Breaking the Cycle of Analysis Paralysis
Is the desire for perfection keeping you from taking action?
You may be experiencing analysis paralysis.
Analysis Paralysis is the moment when your overthinking or overanalyzing puts you in a state of inaction. Anyone can experience Analysis Paralysis but the award for those most likely to experience it goes to the “perfectionists.” Perfectionists tend to spend a lot more time mulling over tedious details, researching facts, and calculating all the possible risks or consequences associated with a particular decision or action so much so that nothing actually gets done. In general there is nothing wrong with doing your research, calculating risks, and being detail-oriented but problems surface when you seem to be stuck in this phase of the process. There are several reasons for indecision and although you could argue that there are good reasons to hold back, remember that there is a difference between planning and procrastination.
So what do you do when you experience Analysis Paralysis?
Step 1: Unplug. If you are able to schedule some quiet time, do so. Find a place with limited noise and make it a phone-free zone or at least put your phone on “Do Not Disturb.” One “ding” of a text message or e-mail can be enough to knock you out the zone and it can take a while to recover from a single distraction.
Step 2: Breathe. Take a deep breath. In fact, take several deep breaths. Deep breathing helps relax the tension in your body and lowers your blood pressure which helps clear your mind.
Step 3. Organize. Having an idea is great; having too many ideas can be overwhelming. To prevent following each idea down the rabbit hole, jot down the ideas but flesh out one idea at a time. If you have a broad idea, create an outline by breaking it down into steps, and breaking those steps into steps. The more specific each step is, the easier it will be to prioritize.
Step 4: Prioritize. List all the tasks that need to be done and prioritize them by level of importance. If they are all extremely important, list them by the amount of time it takes to get them done. Getting all the quick tasks out of the way first will build your momentum and put you in the zone for the completing more tasks.
Step 5: Set specific deadlines. Setting reasonable and specific deadlines helps reduce the likelihood of putting things off until you feel “moved” to take action. There’s a saying that you can’t rush the creative process but you can help move it along by setting deadlines. Having, and sticking to, a deadline can activate the release of dopamine in the body. Dopamine is the “feel good” chemical and it feels good to check completed tasks off your list, which motivates you to continue.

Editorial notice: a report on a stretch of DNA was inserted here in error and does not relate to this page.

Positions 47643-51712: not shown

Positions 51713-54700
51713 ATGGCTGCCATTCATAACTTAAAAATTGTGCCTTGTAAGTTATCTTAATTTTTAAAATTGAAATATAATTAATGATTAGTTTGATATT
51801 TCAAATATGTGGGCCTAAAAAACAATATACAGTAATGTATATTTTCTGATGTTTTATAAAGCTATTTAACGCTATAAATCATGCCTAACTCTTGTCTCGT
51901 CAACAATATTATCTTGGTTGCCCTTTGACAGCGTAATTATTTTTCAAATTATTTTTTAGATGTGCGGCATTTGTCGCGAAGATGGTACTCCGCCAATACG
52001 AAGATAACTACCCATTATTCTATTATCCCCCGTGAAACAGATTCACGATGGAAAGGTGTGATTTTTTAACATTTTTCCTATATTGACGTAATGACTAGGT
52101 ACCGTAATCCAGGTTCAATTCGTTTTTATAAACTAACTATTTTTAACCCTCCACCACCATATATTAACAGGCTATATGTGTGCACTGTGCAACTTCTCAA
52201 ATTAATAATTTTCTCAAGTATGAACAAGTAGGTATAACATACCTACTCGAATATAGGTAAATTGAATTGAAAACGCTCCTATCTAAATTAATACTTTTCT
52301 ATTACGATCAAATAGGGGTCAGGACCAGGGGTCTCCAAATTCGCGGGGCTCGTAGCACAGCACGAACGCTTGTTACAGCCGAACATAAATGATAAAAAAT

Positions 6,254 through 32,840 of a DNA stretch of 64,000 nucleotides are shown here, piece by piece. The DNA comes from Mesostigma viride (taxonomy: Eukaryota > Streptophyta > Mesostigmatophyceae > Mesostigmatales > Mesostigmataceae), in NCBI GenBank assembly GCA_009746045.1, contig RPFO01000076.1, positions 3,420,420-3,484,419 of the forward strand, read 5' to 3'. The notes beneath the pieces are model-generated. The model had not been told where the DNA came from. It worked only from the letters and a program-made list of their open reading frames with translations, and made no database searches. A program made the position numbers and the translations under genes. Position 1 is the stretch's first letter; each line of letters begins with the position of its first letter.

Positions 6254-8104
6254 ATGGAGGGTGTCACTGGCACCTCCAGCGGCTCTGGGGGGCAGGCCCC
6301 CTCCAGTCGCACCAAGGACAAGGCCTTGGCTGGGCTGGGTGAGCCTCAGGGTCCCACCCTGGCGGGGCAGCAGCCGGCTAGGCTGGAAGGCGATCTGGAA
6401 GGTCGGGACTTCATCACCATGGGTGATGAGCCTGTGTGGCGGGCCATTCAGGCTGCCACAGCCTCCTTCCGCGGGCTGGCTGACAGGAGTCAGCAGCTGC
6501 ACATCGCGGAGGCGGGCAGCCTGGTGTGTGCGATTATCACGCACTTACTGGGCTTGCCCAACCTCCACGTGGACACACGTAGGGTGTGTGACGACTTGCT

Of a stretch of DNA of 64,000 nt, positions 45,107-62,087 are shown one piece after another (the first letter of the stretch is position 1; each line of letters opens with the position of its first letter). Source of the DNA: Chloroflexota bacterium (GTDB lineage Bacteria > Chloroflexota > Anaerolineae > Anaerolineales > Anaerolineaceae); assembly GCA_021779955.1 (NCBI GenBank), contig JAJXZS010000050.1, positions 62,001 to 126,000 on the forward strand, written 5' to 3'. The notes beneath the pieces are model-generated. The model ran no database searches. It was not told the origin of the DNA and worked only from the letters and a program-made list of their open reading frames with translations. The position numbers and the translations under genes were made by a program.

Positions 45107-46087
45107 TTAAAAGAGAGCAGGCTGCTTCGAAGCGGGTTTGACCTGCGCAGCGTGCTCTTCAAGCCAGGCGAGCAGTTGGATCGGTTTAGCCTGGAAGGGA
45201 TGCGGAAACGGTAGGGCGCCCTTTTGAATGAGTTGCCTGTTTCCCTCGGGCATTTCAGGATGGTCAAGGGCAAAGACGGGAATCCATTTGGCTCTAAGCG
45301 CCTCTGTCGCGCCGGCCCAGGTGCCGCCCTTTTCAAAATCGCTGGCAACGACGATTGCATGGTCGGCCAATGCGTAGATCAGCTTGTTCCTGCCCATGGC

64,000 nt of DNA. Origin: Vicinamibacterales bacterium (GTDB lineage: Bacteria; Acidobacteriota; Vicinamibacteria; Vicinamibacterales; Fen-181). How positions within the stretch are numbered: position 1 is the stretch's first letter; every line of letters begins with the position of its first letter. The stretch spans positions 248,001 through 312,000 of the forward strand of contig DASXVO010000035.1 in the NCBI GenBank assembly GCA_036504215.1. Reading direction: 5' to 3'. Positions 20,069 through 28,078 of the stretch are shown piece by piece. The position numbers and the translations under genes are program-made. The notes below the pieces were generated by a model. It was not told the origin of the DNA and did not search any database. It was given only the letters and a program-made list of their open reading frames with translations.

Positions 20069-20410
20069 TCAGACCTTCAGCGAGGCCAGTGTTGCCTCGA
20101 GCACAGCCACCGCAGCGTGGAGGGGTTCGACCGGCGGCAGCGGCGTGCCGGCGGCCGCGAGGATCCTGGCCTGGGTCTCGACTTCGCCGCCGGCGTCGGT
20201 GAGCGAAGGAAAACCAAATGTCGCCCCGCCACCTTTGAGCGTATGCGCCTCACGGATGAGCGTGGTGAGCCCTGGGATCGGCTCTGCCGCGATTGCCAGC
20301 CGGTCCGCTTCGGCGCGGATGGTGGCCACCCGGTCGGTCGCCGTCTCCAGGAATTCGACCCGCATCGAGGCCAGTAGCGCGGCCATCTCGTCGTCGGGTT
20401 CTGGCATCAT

Step 6. Get started. At this point, you have what you need to get started so it’s time to take action!
Additionally, here are some tips to keep in mind while you’re working through the tasks:
Tip 1: Snack away. While your brain is burning energy, certain energy-boosting snacks keep those wheels turning. Having snacks with you such as bananas, almonds, popcorn, hummus, or yogurt gives you the boost of energy you need to power through. Additionally, having snacks set out ahead of time keeps you from getting distracted by the allures of the kitchen.
Tip 2 Get physical. As you are working hard to meet deadlines, you can schedule stretching or walking breaks which may improve your ability to focus. You may want to reward yourself with a short walking break after each task completion or take a break after you’ve worked for a set amount of time. Either way, if you take a break, make it a brain-boosting break.
Tip 3: Strive for your best, not for perfection. Remember that things may not be perfect or go according to your plan and that’s ok. Striving for your best at the moment will keep you moving forward while striving for perfection may trigger anxiety and insecurity, which puts a halt in your progress.
Tip 4: Gather feedback. If you’ve come to a point where you’re put all you’ve got out there and need some fresh eyes, phone a friend. When gathering feedback, know yourself and where the feedback is coming from. Is this person knowledgeable on the topic? Does this person give constructive feedback (or are they just critical)? Will you get too caught up in trying to please them? Trust yourself and remember that the final decision is yours.
Shavonne James, LCSW is a licensed psychotherapist and the founder of Paper Cranes Counseling. They have openings for individuals that are working through issues of identity, multicultural experiences, intrapersonal/interpersonal effectiveness, and difficult life transitions. Contact them at www.papercranescounseling.com